The UUP has written to the speaker of the Stormont Assembly, calling for him to stand down.
In the letter, sent to him on Tuesday and circulated publicly on Wednesday morning, UUP leader Mike Nesbitt said that Robin Newton had displayed a “grave error of judgement” when presiding over the chaotic Assembly session on Monday, when members were debating the Renewable Heat Incentive (RHI) scandal.
The move comes after Mr Nesbitt had already suggested on Monday that the speaker should “reflect” on his position after the debate.
But his more recent intervention is more explicit, and directly asks him to quit – only around seven months into his term.
Mike Nesbitt’s e-mail accompanying his statement said that he is “asking him [Mr Newton] to stand down from his role after Christmas”.
The controversy largely centres on the procedures of the Assembly, set out in its standing orders – the de facto rule book for how the Assembly operates.
Last Wednesday, the speaker had received notice that the First and Deputy First Ministers wanted to recall the Assembly from its Christmas break, lasting from December 10 to January 8.
They were set to “make a statement on the RHI”.
However, on Sunday Deputy First Minister Martin McGuinness indicated he did not support the statement, and that it was therefore not an “Executive Office position”.
Nonetheless, First Minister Arlene Foster was permitted to make her statement alone, in the absence of Mr McGuinness and without his support.
This raised major issues for MLAs, which go right to the heart of the nature of power-sharing.
The Executive Office is supposed to be a joint ministerial office, and was established as such after the Good Friday Agreement was ratified by the public.
In view of that fact, many MLAs asked how it was possible that the Assembly could be recalled.
On Monday morning, it was put to the speaker – who faced a barrage of queries from MLAs – that it was only possible to recall the Assembly to hear a ministerial statement, not merely a “personal one”.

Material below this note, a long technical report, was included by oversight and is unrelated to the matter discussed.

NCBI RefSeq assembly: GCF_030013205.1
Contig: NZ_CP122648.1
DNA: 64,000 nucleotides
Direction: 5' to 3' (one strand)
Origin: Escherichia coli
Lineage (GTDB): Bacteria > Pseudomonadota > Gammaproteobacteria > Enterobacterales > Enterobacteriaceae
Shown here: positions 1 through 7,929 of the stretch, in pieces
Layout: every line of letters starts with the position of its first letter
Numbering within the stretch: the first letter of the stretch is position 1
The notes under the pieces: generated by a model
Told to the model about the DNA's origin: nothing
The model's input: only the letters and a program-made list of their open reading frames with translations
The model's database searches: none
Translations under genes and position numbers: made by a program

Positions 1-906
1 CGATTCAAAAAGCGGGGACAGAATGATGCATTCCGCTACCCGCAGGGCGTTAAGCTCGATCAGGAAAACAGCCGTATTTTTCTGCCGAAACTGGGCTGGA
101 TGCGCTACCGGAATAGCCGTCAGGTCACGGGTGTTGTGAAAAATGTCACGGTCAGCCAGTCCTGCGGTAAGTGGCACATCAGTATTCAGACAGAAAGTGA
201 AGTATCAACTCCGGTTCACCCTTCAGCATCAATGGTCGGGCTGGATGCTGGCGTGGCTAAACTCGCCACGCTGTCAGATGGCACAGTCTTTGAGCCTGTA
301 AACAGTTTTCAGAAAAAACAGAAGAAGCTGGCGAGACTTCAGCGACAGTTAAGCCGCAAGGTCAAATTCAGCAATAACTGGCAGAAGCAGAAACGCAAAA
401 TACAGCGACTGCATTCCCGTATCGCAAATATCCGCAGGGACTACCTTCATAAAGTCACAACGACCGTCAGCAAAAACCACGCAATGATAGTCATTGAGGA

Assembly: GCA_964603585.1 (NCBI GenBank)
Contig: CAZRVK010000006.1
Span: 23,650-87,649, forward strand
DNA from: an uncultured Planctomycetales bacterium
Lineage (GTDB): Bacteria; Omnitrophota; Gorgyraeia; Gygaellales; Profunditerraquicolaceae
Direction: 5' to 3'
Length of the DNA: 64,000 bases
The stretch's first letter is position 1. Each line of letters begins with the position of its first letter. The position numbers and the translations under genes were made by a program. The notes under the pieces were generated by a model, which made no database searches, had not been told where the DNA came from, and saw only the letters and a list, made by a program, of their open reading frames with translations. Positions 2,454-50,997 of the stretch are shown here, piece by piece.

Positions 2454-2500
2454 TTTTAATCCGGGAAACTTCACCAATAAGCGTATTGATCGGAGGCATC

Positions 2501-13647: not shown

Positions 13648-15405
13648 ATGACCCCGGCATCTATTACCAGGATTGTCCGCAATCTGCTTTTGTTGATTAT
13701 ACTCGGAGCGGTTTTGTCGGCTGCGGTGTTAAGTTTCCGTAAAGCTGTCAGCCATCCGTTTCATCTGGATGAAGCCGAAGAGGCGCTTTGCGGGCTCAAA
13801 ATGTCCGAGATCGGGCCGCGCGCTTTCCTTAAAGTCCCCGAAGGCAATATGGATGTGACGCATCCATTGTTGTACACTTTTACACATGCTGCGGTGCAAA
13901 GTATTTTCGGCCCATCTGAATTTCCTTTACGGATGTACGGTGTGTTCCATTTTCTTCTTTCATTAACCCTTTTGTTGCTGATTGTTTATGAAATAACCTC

It was also suggested that the decision to allow Mrs Foster’s statement to proceed “undermined” the whole point of power-sharing.
In response the speaker repeated, at least eight times, that he had “discharged my responsibilities” on the matter – an answer which failed to satisfy MLAs.
Mr Newton later released a statement to MLAs, explaining some of his decision-making.
He said that the first and deputy first ministers have exercised their powers jointly to recall the Assembly, and “any revocation of that act must, similarly, be undertaken jointly”.
He also stressed that it can sometimes fall to the speaker to take tough decisions, and that Monday’s situation had “clearly not [been] contemplated by this house in agreeing its standing orders”.
In his letter to the speaker, Mr Nesbitt said he had considered Mr Newton’s letter to MLAs, and it gave him “no pleasure” to call for him to quit.
He said he believed “the logic of your argument is flawed” when it comes to the claim that the First and Deputy First Minister must act jointly to undo a decision, after having both agreed upon it.
He said that the logical “end point” of such an argument would be that neither one of them could resign without the other’s agreement.
Mr Nesbitt noted that the speaker had, in the absence of an agreed statement from the First and Deputy First Minister, said that Martin McGuinness (or some other unspecified person acting on his behalf) could make a different statement of his own.
Mr Nesbitt said: “In my view, Mr Speaker, this risked undermining the joint nature of the Executive Office, which itself is a fundamental principle underpinning the 1998 Belfast / Good Friday Agreement and the 1998 Northern Ireland Act, representing a grave error of judgement on the part of your office.
“On that basis, and bearing in mind other incidents that do not require rehearsal in this letter, I regret to say you have lost the confidence of the Ulster Unionist Party.”